The balloon-borne HiCal radio-frequency (RF) transmitter, in concert with the ANITA radio-frequency receiver array, is designed to measure the Antarctic surface reflectivity in the RF wavelength regime. The amplitude of surface-reflected transmissions from HiCal, registered as triggered events by ANITA, can be compared with the direct transmissions preceding them by O(10) microseconds, to infer the surface power reflection coefficient R. The first HiCal mission (HiCal-1, Jan. 2015) yielded a sample of 100 such pairs, resulting in estimates of R at highly glancing angles (i.e., zenith angles approaching 90°), with measured reflectivity for those events which exceeded extant calculations [P. W. Gorham et al., Journal of Astronomical Instrumentation, 1740002 (2017)]. The HiCal-2 experiment, flying from December 2016-January 2017, provided an improvement by nearly 2 orders of magnitude in our event statistics, allowing a considerably more precise mapping of the reflectivity over a wider range of incidence angles. We find general agreement between the HiCal-2 reflectivity results and those obtained with the earlier HiCal-1 mission, as well as estimates from Solar reflections in the radio-frequency regime [D. Z. Besson et al., Radio Sci. 50, 1 (2015)]. In parallel, our calculations of expected reflectivity have matured; herein, we use a plane-wave expansion to estimate the reflectivity R from both a flat, smooth surface (and, in so doing, recover the Fresnel reflectivity equations) and also a curved surface. Multiplying our flat-smooth reflectivity by improved Earth curvature and surface roughness corrections now provides significantly better agreement between theory and the HiCal-2 measurements.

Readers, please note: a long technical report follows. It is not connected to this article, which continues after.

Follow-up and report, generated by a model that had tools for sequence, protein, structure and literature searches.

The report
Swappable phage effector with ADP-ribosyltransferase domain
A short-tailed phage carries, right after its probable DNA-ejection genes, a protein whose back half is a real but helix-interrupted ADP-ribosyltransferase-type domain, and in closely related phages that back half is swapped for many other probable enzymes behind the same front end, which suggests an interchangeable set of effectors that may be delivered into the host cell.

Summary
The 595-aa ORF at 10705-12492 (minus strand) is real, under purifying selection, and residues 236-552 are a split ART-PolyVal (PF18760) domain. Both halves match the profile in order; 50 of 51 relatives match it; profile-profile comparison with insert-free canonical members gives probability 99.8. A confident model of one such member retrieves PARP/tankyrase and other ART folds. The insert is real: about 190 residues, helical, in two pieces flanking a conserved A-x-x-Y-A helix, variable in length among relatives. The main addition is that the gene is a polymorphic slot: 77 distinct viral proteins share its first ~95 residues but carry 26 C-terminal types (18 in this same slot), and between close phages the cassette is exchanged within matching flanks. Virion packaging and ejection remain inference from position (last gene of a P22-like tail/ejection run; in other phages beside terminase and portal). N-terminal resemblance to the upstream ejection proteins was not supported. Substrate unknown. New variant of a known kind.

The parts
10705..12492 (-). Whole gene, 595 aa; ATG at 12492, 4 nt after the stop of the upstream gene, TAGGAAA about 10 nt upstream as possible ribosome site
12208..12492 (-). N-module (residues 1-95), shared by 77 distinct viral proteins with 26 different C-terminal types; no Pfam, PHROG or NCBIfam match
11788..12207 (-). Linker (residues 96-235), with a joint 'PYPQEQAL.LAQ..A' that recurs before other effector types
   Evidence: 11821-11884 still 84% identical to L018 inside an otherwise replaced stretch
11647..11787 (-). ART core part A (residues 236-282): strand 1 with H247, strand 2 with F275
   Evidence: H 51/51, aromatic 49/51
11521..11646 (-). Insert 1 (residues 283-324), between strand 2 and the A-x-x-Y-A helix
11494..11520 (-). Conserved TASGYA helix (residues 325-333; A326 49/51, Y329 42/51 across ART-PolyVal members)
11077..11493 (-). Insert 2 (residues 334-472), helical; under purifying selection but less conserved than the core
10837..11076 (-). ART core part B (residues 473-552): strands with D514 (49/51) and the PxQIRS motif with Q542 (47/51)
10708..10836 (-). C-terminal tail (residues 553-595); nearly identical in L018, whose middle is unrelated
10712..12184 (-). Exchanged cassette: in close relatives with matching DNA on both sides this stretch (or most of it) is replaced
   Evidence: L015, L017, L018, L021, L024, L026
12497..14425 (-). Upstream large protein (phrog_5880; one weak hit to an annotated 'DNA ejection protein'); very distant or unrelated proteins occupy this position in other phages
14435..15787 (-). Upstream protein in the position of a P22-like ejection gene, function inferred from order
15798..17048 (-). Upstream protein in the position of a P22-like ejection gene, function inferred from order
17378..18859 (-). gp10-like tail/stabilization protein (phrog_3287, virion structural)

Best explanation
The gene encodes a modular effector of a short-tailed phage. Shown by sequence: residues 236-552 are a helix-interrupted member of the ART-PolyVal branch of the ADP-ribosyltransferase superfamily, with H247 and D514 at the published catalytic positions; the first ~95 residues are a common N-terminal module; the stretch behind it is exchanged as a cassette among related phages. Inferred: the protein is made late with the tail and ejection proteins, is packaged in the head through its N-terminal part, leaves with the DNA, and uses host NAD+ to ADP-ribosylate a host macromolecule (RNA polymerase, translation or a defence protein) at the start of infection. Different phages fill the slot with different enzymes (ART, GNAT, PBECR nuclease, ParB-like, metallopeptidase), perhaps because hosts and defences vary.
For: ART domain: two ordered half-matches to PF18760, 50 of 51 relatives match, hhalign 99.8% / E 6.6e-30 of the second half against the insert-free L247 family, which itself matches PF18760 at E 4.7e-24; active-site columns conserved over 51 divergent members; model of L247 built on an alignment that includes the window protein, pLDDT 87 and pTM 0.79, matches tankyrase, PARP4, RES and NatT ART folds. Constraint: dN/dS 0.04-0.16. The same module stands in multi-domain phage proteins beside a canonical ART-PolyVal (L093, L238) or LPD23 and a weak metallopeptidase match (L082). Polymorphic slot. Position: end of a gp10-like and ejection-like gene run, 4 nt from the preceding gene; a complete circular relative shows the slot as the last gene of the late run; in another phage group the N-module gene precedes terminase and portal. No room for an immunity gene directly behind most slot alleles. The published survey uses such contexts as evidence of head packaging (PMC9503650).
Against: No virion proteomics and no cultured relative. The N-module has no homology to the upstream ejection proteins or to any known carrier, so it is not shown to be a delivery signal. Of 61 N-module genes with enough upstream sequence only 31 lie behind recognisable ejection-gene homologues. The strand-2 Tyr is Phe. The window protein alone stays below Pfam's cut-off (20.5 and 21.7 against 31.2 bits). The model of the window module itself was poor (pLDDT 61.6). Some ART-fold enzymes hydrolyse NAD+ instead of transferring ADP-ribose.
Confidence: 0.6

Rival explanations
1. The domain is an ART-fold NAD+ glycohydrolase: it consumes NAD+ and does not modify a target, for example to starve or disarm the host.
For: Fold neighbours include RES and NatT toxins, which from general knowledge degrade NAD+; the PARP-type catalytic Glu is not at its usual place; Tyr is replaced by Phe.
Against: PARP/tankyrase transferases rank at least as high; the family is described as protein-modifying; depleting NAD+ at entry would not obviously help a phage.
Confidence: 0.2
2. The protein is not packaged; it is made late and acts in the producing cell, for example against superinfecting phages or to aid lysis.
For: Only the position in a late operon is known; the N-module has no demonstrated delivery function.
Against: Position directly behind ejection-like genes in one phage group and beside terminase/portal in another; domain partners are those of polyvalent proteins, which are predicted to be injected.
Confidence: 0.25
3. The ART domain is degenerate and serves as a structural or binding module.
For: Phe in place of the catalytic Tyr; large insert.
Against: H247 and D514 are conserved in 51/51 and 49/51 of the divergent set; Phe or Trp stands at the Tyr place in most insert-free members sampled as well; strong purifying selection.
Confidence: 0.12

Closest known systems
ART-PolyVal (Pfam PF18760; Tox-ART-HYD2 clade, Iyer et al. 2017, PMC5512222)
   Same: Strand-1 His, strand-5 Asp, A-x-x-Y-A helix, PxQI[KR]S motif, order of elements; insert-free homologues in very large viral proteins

All Science Journal Classification (ASJC) codes
- Physics and Astronomy (miscellaneous)